Lassfest is an oddity. Although the festival is promoted as fringe theatre it comprises largely adaptations from other media – comics and cult films. But at least V for Vendetta- with a masked central character constantly quoting from plays – has a strong theatrical element.
In a dystopian version of Britain high-ranking officials are picked off in a vendetta waged by the masked anarchist ‘ V’ (Daniel Thackeray). He recruits an orphan, Evey Hammond (Sinead Parker), to assist in his more ambitious agenda of overthrowing the totalitarian state and moves her towards an unimaginable destiny.
Sean Mason’s respect for the original comic by Alan Moore and Ian Lloyd is apparent in his adaptation that squeezes as much of the source material as possible onto the stage. Mason revels in the word play and puns around the letter ‘v’ and the number ‘five’.
The writer’s ambitious approach requires a large cast and constant scene changes and the scale of the production limits the discretion of director Ross Kelly. He does a commendable job making the complex storyline comprehensible but the rapid pace of the play hinders the ability of the cast to develop the characters. Of the villains only Carly Tarett is able to show Delia Surridge’s descent from a blindly optimistic idealist willing to commit terrible atrocities in the cause of science to a woman worn down by guilt.
More significantly it is hard to develop any emotional commitment to the play. You have to wait for the second act and a powerful scene between Paida Noel and Sinead Parker to feel anything other than intrigued.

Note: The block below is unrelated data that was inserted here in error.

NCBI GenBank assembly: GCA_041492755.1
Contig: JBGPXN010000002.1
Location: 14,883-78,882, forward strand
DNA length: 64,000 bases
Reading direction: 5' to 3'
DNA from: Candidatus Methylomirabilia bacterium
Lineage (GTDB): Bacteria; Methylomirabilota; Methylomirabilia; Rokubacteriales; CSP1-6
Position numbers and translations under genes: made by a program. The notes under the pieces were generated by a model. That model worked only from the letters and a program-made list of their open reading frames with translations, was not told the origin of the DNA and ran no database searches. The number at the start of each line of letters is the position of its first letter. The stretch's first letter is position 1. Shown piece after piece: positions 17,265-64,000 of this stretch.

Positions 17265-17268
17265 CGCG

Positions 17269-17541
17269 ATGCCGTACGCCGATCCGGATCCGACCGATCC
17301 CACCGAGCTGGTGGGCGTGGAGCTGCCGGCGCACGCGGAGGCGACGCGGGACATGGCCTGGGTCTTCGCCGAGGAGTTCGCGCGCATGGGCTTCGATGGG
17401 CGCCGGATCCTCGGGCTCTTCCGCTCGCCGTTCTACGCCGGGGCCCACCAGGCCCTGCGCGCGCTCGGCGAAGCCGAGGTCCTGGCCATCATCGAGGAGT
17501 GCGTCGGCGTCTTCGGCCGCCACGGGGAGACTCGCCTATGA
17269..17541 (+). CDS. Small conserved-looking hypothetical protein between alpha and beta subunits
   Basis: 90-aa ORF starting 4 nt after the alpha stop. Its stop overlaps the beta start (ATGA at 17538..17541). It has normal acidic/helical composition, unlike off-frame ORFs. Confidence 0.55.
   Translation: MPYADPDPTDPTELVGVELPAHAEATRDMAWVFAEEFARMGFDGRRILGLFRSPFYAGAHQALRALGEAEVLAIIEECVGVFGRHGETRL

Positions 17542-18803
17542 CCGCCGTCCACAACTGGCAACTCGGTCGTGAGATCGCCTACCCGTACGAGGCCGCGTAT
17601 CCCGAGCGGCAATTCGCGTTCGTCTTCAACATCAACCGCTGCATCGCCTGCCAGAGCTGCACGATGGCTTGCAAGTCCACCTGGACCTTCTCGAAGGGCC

Director Kelly realises that voices are an important part of the play. For one thing sightlines in the venue are poor making the cast are invisible when seated and dependent on vocals. The character of propagandist Lewis Prothero demands a rich persuasive tone that is well delivered by Jez Smith; unfortunately Stuart Hudson over-does the lush voice for his creepy priest. Daniel Thackeray is denied the use of facial expressions being completely masked throughout the play. Initially he shapes his performance with a grand theatrical tone. But as V’s revenge continues Thackeray goes beyond the superficial approach to show the anger that lies below the surface.
Scytheplays have attempted a very difficult adaptation the success is of which is limited only by an over-respectful approach to the original.